Frequently Asked Questions

Air Passenger Law Featured

  • Are delayed flights eligible for compensation?

    The answer depends on your flight details. EU flights – EU flights should be eligible for compensation if the flight and the delay meet some basic criteria:
    • The flight must be arriving at an EU airport on a European carrier or departing from an EU airport on any airline.
    • The delay must be greater than 3 hours at the passenger’s final destination.
    US domestic flights – Delayed flights from one US city to another with US carriers are not usually eligible for compensation. International flights – Flights from one country to another, even within the EU, may be eligible for expenses or damages resulting from the delay. There is more information on our Know Your Rights pages, but if you have any doubts or questions about your disrupted flight’s eligibility, the fastest way to check is to use the AirHelp eligibility check and enter your flight details.
  • How do I know if I’m entitled to compensation?

    You can check the eligibility of your claim via our webform.

    It is completely free of charge, no obligation. It only takes 3 minutes and can give instant feedback as to the eligibility of your claim.

  • My airline refused to compensate me after my disrupted flight - what can I do?

    If you think you’re entitled to compensation for your flight problem and the airline won’t do anything about it, not to worry! We can possibly still help you. File a claim for your flight to see if we can get that compensation for you. We’ll even take the airline to court if they don’t meet their legal obligation to you.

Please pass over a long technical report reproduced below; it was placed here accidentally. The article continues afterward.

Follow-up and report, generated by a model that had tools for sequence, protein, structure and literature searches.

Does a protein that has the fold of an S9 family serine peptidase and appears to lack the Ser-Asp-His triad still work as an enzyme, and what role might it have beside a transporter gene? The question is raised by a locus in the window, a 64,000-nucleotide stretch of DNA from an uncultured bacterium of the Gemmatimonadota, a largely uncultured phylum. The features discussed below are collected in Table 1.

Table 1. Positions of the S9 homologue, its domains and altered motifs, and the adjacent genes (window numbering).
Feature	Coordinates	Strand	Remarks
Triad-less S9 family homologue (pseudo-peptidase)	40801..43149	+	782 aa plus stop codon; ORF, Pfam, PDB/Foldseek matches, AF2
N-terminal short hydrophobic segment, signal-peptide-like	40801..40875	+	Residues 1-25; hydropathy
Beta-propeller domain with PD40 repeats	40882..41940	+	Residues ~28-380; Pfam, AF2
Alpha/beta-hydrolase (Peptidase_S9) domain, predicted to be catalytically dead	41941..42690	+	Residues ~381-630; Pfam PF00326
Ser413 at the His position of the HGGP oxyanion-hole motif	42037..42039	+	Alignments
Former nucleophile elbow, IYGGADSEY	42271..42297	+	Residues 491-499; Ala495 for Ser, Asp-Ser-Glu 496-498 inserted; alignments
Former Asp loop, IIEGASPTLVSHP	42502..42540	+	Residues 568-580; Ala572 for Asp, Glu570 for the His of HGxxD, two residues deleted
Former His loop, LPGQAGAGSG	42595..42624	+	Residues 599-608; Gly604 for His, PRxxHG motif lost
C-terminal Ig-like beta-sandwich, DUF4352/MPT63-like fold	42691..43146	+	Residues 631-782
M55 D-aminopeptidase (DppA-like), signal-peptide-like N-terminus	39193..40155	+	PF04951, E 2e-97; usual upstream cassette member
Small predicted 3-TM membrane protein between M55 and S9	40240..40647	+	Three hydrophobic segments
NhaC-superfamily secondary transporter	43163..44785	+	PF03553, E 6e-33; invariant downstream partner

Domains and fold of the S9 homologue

• What are the extraordinary circumstances that are beyond the airlines’ control?

    The airline is not liable under EU regulation EC 261 and other similar air passenger laws if the flight disruption was due to “extraordinary circumstances.” These are scenarios which could not have been avoided even if all reasonable measures had been taken and include situations like medical emergencies, labor strikes, serious adverse weather conditions, and Air Traffic Control restrictions, to name a few. In addition, events that qualify as “Force majeure,” such as wars and riots, as well as “Acts of God”—hurricanes, earthquakes, etc.—also exempt the airline from liability.
  • My flight was delayed less than three hours but I missed my connecting flight. Can I claim compensation?

    For EU flights, the answer is most likely “yes.” Under European regulation EC 261, eligibility for compensation is based on the length of delay at your final destination. If your missed connection makes you more than three hours late overall, you should be eligible, provided all of your connecting flights were part of the same flight reservation, under the same booking reference number.

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